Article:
Then there is the “new normal” currently underway with the changing dynamics in the workplace, and the reality that remote work is here to stay. Our latest research shows there was a significant uptick in companies prioritizing flexible schedules –58 percent of employers agree flexibility is important for employee well-being vs. 48 percent in 2019.[1] It has also prompted employers to adopt new technologies and best practices to better run their companies, whether it is looking at absence management through a new lens or redefining what employee wellness looks like.

For an effective absence management program, below are some best practices that employers should consider when thinking about new federal, state or municipal paid leave laws:

Evaluate your paid leave policies – It is critical to understand how your company leave policies interact with federal paid leave and state paid leave laws. Any changes- whether federal or state – could potentially impact current employer leave policies as well as employer benefit offerings to ensure they complement each other. As mentioned previously, COVID-19 prompted employers to make temporary or permanent changes to their policies. This included expanding definitions within current policies, increasing benefit levels or changing existing unpaid policies to be paid.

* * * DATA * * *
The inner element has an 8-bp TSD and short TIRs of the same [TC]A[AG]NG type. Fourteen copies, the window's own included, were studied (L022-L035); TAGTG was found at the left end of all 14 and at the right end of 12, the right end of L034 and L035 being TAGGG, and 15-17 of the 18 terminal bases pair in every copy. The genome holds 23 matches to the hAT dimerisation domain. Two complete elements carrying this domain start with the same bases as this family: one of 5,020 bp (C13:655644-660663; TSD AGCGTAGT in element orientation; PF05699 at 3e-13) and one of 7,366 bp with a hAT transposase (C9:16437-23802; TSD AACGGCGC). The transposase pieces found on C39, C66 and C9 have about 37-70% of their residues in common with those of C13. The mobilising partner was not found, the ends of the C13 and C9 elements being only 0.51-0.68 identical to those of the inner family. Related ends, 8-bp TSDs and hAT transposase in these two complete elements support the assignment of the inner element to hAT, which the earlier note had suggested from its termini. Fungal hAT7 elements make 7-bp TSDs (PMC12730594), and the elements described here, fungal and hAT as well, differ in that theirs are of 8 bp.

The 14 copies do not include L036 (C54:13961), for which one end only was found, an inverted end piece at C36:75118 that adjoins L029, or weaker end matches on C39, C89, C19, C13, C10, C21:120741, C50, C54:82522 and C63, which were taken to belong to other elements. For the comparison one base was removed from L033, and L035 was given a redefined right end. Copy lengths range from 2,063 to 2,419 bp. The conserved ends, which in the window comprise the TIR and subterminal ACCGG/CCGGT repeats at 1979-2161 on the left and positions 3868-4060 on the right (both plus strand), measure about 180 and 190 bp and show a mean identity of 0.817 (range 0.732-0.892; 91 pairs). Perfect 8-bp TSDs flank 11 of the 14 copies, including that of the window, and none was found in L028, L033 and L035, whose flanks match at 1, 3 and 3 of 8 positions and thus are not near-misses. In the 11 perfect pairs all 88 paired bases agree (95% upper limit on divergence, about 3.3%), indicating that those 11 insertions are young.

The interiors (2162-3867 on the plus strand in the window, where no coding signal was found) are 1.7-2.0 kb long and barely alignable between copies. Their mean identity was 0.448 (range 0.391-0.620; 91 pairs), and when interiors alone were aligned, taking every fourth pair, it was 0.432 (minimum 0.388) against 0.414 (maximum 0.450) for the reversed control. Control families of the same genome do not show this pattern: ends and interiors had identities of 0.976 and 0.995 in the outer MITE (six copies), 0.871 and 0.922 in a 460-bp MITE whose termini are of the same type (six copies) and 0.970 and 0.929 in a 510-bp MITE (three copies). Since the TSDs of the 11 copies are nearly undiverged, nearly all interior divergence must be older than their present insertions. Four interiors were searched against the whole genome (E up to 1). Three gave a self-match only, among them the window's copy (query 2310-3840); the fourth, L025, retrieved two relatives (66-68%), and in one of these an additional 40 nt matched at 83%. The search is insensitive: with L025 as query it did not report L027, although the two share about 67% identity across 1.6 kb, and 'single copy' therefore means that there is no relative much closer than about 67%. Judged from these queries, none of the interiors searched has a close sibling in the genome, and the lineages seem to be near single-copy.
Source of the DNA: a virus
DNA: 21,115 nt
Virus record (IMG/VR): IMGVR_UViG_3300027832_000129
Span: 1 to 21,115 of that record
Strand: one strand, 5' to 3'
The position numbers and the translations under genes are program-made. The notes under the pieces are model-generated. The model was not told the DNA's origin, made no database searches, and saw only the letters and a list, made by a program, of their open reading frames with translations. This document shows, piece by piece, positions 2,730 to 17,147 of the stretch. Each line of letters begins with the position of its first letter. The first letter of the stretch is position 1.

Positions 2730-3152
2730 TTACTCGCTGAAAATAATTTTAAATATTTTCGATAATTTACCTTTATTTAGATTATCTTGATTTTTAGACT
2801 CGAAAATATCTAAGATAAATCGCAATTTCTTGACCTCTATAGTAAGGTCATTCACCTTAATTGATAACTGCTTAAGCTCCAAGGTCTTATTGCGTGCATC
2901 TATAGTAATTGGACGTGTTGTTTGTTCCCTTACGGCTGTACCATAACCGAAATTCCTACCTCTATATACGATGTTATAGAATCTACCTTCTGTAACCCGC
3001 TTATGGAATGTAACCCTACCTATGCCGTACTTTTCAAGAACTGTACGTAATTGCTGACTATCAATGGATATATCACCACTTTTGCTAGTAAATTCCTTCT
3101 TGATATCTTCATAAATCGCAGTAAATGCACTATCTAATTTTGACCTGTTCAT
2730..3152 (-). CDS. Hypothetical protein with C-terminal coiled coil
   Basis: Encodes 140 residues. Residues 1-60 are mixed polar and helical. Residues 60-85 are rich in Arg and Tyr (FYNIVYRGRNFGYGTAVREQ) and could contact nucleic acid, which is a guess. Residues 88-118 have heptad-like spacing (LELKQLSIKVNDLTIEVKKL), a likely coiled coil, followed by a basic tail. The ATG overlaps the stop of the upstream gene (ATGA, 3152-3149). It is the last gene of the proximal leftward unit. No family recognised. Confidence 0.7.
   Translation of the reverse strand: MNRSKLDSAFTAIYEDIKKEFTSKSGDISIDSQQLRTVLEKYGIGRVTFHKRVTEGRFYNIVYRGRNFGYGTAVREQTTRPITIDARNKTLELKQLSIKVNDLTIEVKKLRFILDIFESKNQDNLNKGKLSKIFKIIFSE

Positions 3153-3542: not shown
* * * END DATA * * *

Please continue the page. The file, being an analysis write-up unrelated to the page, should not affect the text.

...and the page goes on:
Also important is identifying whether disparities exist, particularly if the employer has multiple offices across the country. For example, a New York-based employee will have different rights than a California-based employee. To alleviate this challenge, many employers look to standardize their companywide policies to help ensure parity amongst its workforce and help create a positive employee experience, but even this is difficult.

Consider an integrated approach to employee leave – Employers should also evaluate potential unintended gaps in the benefit offerings following the passage of a new paid leave law and prepare accordingly. In many cases, a state paid leave law may not cover employees equally when having to take leave due to his/her own serious health condition. Employers can fill the gaps with disability coverage. For example, due to the state benefit calculations, employees earning over a certain amount of income may not have a sufficient wage replacement from the state plan. We have worked with employers who decide to add and/or increase their disability coverage to help ensure all their employees are protected.

There is also a shift toward taking a holistic, integrated approach with absence management that focuses not only on staying compliant and managing costs but on the well-being of the employee. Employers tell us that the process for certifying leave can be difficult, especially when it comes to ensuring consistent handling across the employee population. One of the benefits of integrating programs is that it allows for coordinating the various state, federal and employer’s own types of absences, particularly for those multi-state employers where each state has paid family and leave laws that have varying details regarding employee eligibility, benefit levels, complicated benefit calculations, different covered persons, and different administrative compliance responsibilities. This not only eliminates the many compliance and administrative challenges that employers face, but for employees, it helps ensure a seamless, positive leave experience because they receive one benefit letter, and one check from one source.